If you were looking at shotloads ...... I would suggest ......... RUN AWAY at the first sign of a FOUR TEN .........

    And gather up around twenty or twenty eight gauge ...... instead!

    But I got a cute little double .... a Stevens 311 and a Sizemaster press ...... new ....... so it's TOO LATE!!!

    boooooo! Hooooooo!

    Regards

    Three 44s

  6. #6
    Boolit Master

    Join Date
    Aug 2007
    Location
    Lesage WV
    Posts
    3,039
    One thing- how much you going to use it? AS said they are a pain to reload. Hulls are high. The factory slugs are hard to beat. I have used the .375 balls and they are fun to shoot at milk jugs of water. I load 3/4 oz shot loads. They are much cheaper than factory shells

  7. #7
    Boolit Master
    Join Date
    May 2007
    Posts
    2,494
    Triggerhappy,
    There is a current mild interest in a "Group Buy" of sorts for a duplicate of the Lee Loader for .410 right here in the section. Look in "Casting for Shotguns" and go to "guageing interest in .410" entry for a quick discussion about making a loader for the .410, a-la a Lee Loader type tool. There are a bunch here that are interested.

  8. #8
    Boolit Man
    Join Date
    Dec 2005
    Location
    N. Alabama
    Posts
    87
    I have done quite a bit of 3".410 reloading with good results using a Mec 600 Jr. I never switch to the shorter hull as it is too much trouble to get it setup properly and they just don't hold enough shot to be good for much. I don't resize the base as they workharden very quickly and split after only a time or two. Hull volume varies a bit so some don't hold a full 3/4 oz of shot with my 14.5 grains of WC-820 powdercharge, I just shake a little shot out of the ones that are too full. Crimping is best done in several light steps looking at the crimp between each rather than one heavy stroke to prevent "squaters" which tend to be common after a few reloadings.

    I like the 'lil .410 to round out my backyard shotgun battery; 3/4 oz .410, 1 oz 20 ga and 1.25 oz 12 ga for casual claybird busting behind the barn. If you can't hit 'em with the .410 you just keep stepping up until you can though generally the 'lil .410 will break 'em 9 out of 10 trys when you do your part.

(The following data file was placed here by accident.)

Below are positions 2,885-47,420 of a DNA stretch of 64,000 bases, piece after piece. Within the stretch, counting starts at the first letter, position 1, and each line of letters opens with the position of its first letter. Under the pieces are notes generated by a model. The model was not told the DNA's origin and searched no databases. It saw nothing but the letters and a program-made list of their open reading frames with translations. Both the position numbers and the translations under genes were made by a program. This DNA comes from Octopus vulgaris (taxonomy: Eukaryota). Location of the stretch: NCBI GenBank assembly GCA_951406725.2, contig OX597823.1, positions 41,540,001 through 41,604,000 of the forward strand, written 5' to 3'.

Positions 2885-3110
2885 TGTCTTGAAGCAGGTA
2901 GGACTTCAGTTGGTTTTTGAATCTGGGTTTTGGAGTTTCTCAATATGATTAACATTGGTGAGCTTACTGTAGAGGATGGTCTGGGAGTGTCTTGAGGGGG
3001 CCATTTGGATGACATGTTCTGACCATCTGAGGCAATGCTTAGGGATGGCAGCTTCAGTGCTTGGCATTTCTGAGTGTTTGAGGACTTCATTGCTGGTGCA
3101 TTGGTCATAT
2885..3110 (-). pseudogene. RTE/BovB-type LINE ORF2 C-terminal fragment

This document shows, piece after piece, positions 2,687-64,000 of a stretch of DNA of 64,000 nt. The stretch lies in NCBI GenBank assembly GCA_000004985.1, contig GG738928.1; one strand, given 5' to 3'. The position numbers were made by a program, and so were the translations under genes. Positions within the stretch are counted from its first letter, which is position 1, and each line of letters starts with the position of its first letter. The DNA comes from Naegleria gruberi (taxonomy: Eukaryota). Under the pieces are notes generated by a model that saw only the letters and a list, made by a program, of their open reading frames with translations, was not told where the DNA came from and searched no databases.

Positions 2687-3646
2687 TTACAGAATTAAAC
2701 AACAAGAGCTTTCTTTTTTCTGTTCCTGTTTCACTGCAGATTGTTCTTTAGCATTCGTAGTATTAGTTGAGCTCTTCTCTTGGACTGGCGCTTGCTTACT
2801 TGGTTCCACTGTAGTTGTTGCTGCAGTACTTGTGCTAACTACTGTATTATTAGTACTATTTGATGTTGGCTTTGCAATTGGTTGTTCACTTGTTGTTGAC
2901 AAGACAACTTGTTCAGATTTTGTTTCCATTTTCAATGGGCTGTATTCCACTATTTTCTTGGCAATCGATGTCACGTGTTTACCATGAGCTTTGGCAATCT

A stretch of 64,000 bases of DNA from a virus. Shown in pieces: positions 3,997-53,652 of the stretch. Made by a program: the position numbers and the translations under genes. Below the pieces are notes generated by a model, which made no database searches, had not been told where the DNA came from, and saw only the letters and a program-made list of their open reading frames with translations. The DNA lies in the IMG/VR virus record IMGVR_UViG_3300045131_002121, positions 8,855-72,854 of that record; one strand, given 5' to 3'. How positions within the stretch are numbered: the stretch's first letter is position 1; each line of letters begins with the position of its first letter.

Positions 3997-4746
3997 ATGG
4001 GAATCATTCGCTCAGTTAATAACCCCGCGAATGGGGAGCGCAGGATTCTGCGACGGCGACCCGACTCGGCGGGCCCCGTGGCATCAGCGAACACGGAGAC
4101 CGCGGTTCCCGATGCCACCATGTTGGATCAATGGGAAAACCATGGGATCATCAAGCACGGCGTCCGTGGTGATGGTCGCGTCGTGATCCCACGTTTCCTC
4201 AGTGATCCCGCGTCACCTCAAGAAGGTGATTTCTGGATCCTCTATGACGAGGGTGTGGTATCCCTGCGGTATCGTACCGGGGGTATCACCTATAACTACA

Go for a .410 if you are willing to reload otherwise stick with a 12 or 20 bore and get your shells from the store.

    Paul

  9. #9
    Boolit Master


    madman's Avatar
    Join Date
    Dec 2008
    Location
    SLC, Utah
    Posts
    192
    Has any one tried to fit the dirty word bullets into a wad. I don't have a 410 but I am working on shot loads for 45-70 and 500 S&W BFR's

  10. #10
    Boolit Master
    9.3X62AL's Avatar
    Join Date
    Mar 2005
    Location
    Imperial Beach, CA
    Posts
    11,184
    The only "difficulty" I've had with 410 bore reloading is keeping the crimps folded on a few Remington shells after they've been fired a few times. Otherwise, they work like the 12/20/28 through my MEC 600 Jr. To boost pattern efficiency with the 28 and 410, I use #9 shot and limit shots on game to 35 yards or so. Doing that, the small gauges give up little to the 12 and 20 on doves, quail, and varmints.
    "The best argument against democracy is a five-minute conversation with the average voter."--Winston Churchill

  11. #11
    Boolit Man
    Join Date
    Jan 2008
    Location
    Louisiana
    Posts
    104

    Reloading the .410

    I find it no more difficult than any other gauge. It's just all smaller so it may take a little more care. I load 2.5" inch hulls with 8.5 shot for skeet shooting and do not load any buckshot or slugs so this may not apply. I can tell you it is a major cost savings though. Plus it's both addicting and frustrating to shoot!

  12. #12
    Boolit Master Beekeeper's Avatar
    Join Date
    Oct 2008
    Location
    Southern California
    Posts
    1,763

    410 shotgun

    Three 44's,
    If that Stevens gets to bothering you too bad let me know and I will take it off your hands.
    Been looking for a double for quite a while.
    Only problem will be getting it in Kalifornication.


    beekeeper
    But you see I'm no expert and I did not stay at a Holiday Inn last night

  13. #13
    Boolit Master mikenbarb's Avatar
    Join Date
    Aug 2008
    Location
    In Cow Country N.J.
    Posts
    976
    I reload tons of .410 bore shells for my daughter and son to shoot and it saves a ton over factory ammo. I can load a box of .410's for around 3 bucks and store bought are up to over 15 bucks a box. Yes, You can save ALOT of money reloading for it. At least thats what I tell my wife when I buy more components.LOL.
    I load #4,5 and 6's for small game and 7.5 thru 9's for clays on a MEC 600jr and it does a great job with 2.5 and 3" shells. Its easy to change from 2.5" to 3" if you can turn a wrench and screwdriver.
    Dont listen to anyone who tells you its an experts gun or not enough gun because the .410 has taken as much game as an other gauge made. Kids love them and so do I for small game hunting and skeet shooting. My daughter busts the clays great with her 1100 in .410 bore and her best is a 23/25 and were working on that for a 25/25 or a 100/100 hopefully some day.
    Last edited by mikenbarb; 03-09-2009 at 11:25 PM.
    ** Please bear with me for a day or two if I dont reply quickly.**
    Mike B.
    Gun Control= Being able to hit your target.

  14. #14
    Boolit Master Swamp Man's Avatar
    Join Date
    Feb 2013
    Location
    North Central Fl.
    Posts
    795
    Quote Originally Posted by mikenbarb View Post